The interaction between the helicopter and its environment is reflected to the human operator, improving the telepresence, thanks to the elastic controller; moreover, the position and orientation errors between RUAVs are minimized. To achieve both goals, the exogenous environment force and an exogenous environment torque acting on the 4DOF RUAV are considered to be the following: and being the position and orientation errors previously defined in (35). Equation (44) must satisfy to fulfill the stability analysis of Section 6.

8. HITL Simulation

The simulation environment has been developed in , where the human operator’s view simulates an onboard camera. The aim of the simulation was to reach eight successive target points (see Figure 7). The calculations of the whole teleoperation system (including RUAVs dynamics) and its connection with the master devices and are accomplished by a program made in C++.

The teleoperation system’s parameters are the following: (obtained using LMI toolbox for each of the four different cases of time delay as seen in Table 1), , , , , , , , , , , and . The 4DOF RUAV has mass = 7.4 [kg] and rotational inertia , and the 6DOF RUAV has the minihelicopter’s nominal parameters (which refer to MIT’s X-Cell .60).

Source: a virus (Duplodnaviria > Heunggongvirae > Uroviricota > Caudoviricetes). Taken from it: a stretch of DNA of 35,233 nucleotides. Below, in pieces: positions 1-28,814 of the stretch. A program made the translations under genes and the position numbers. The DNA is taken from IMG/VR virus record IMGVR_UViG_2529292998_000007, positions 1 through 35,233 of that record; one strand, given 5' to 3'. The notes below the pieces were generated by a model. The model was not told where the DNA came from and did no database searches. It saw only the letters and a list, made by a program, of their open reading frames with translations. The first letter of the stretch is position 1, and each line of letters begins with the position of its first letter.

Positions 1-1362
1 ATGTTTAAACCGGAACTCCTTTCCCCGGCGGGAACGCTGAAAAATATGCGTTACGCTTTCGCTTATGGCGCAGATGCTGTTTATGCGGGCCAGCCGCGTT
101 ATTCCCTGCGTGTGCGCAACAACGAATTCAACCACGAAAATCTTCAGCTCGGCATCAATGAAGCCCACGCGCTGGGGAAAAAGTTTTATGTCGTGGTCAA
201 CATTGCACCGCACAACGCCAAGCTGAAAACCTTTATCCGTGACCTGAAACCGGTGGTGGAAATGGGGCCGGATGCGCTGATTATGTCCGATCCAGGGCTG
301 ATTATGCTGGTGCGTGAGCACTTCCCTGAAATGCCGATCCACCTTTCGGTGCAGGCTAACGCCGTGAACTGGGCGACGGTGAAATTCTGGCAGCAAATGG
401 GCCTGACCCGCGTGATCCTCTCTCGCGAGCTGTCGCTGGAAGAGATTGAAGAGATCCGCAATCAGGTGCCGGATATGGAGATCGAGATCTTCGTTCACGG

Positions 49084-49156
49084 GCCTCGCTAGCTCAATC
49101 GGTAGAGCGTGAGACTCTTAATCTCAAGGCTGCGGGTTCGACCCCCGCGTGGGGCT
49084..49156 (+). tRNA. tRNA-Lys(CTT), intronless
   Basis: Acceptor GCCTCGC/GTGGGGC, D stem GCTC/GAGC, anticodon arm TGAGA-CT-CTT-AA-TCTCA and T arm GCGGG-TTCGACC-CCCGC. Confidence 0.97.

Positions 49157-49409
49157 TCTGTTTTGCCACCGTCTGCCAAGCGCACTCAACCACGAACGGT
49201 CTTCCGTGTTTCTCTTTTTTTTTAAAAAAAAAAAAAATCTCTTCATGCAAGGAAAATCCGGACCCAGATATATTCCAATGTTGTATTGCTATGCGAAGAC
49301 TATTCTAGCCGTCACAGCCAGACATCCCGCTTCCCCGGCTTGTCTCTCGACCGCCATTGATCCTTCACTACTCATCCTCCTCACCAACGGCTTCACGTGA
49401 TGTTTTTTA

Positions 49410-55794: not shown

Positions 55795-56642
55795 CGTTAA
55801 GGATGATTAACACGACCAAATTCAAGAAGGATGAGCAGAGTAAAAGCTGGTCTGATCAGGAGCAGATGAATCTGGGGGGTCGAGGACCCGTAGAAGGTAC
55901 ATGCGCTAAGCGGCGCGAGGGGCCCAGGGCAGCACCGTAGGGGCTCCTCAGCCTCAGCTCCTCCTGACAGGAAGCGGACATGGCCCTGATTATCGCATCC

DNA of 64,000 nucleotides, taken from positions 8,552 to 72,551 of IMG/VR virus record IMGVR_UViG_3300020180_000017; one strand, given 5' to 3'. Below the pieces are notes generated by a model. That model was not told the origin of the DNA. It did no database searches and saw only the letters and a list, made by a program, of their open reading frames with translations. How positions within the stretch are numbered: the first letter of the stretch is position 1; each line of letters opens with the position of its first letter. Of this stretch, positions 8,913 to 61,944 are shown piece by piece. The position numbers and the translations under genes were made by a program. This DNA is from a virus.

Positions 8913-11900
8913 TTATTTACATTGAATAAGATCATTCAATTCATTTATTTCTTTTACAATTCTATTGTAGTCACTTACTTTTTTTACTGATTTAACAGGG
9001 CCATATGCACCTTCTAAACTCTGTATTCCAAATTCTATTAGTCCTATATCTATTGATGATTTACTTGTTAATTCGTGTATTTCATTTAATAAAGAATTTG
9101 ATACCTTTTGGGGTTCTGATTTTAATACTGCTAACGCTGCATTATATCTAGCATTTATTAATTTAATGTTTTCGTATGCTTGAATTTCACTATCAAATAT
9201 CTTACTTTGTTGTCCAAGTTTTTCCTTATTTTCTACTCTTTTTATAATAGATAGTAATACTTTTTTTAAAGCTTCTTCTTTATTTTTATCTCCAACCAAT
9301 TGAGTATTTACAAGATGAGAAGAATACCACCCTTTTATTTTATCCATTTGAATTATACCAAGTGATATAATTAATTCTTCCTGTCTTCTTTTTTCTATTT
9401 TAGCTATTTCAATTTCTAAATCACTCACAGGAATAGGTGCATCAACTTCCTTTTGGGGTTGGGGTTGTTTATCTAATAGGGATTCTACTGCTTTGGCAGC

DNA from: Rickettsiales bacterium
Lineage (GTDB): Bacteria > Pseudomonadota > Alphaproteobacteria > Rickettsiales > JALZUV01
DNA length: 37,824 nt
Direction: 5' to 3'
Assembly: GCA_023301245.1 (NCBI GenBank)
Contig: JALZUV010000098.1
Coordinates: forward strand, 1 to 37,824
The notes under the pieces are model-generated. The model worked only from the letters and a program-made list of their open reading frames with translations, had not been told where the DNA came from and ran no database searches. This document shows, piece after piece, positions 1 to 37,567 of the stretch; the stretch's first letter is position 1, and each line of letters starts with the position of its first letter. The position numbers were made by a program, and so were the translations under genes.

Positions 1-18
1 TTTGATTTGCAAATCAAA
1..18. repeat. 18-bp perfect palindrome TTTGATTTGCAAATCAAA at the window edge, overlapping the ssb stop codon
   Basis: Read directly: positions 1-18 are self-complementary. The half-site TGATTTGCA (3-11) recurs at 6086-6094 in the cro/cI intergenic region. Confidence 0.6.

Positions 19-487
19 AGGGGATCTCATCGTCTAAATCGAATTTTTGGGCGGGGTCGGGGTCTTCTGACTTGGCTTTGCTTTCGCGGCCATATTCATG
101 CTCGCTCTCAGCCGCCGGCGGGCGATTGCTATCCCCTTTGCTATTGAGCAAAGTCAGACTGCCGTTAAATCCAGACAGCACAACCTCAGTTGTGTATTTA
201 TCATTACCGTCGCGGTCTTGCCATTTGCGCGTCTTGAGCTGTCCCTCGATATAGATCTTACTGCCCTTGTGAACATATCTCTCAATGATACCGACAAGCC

CaseTime delays [s]TCT [s] [m/s] [m/s] [m/s]

177.863.931.40.13

280.696.861.980.15

3100.147.412.430.14

4129.936.872.40.16

8.1. Simulation Results

In Table 1 the time to complete the task (TCT) and mean square translational synchronization error (MSE) for four different time delays are presented. The values correspond to the average of five simulations for each case of time delay. When time delay increases, the TCT gets bigger, as expected. The behaviour of the MSE is much more complicated: when time delays are zero (case 1), all the MSE is due to the dynamics of the RUAV models and the coupling controller, specially the impedance controller because the obstacle avoidance directly modifies the flight commands; when time delay increases (cases 2, 3, and 4), the MSE gets bigger as the synchronism gets worse; however, when the local controller damping rises considerably because of time delay ( for case 4 so that condition (16) is satisfied), the movement of the master device is slowed down causing the MSE to decrease. The magnitude difference between , , and is promoted by the different velocity mappings , and the invariance in appears as a result of better low level PID control (improved immunity to desynchronization) and the fact that there is only one obstacle that seriously affects the vertical axis (see Figure 8).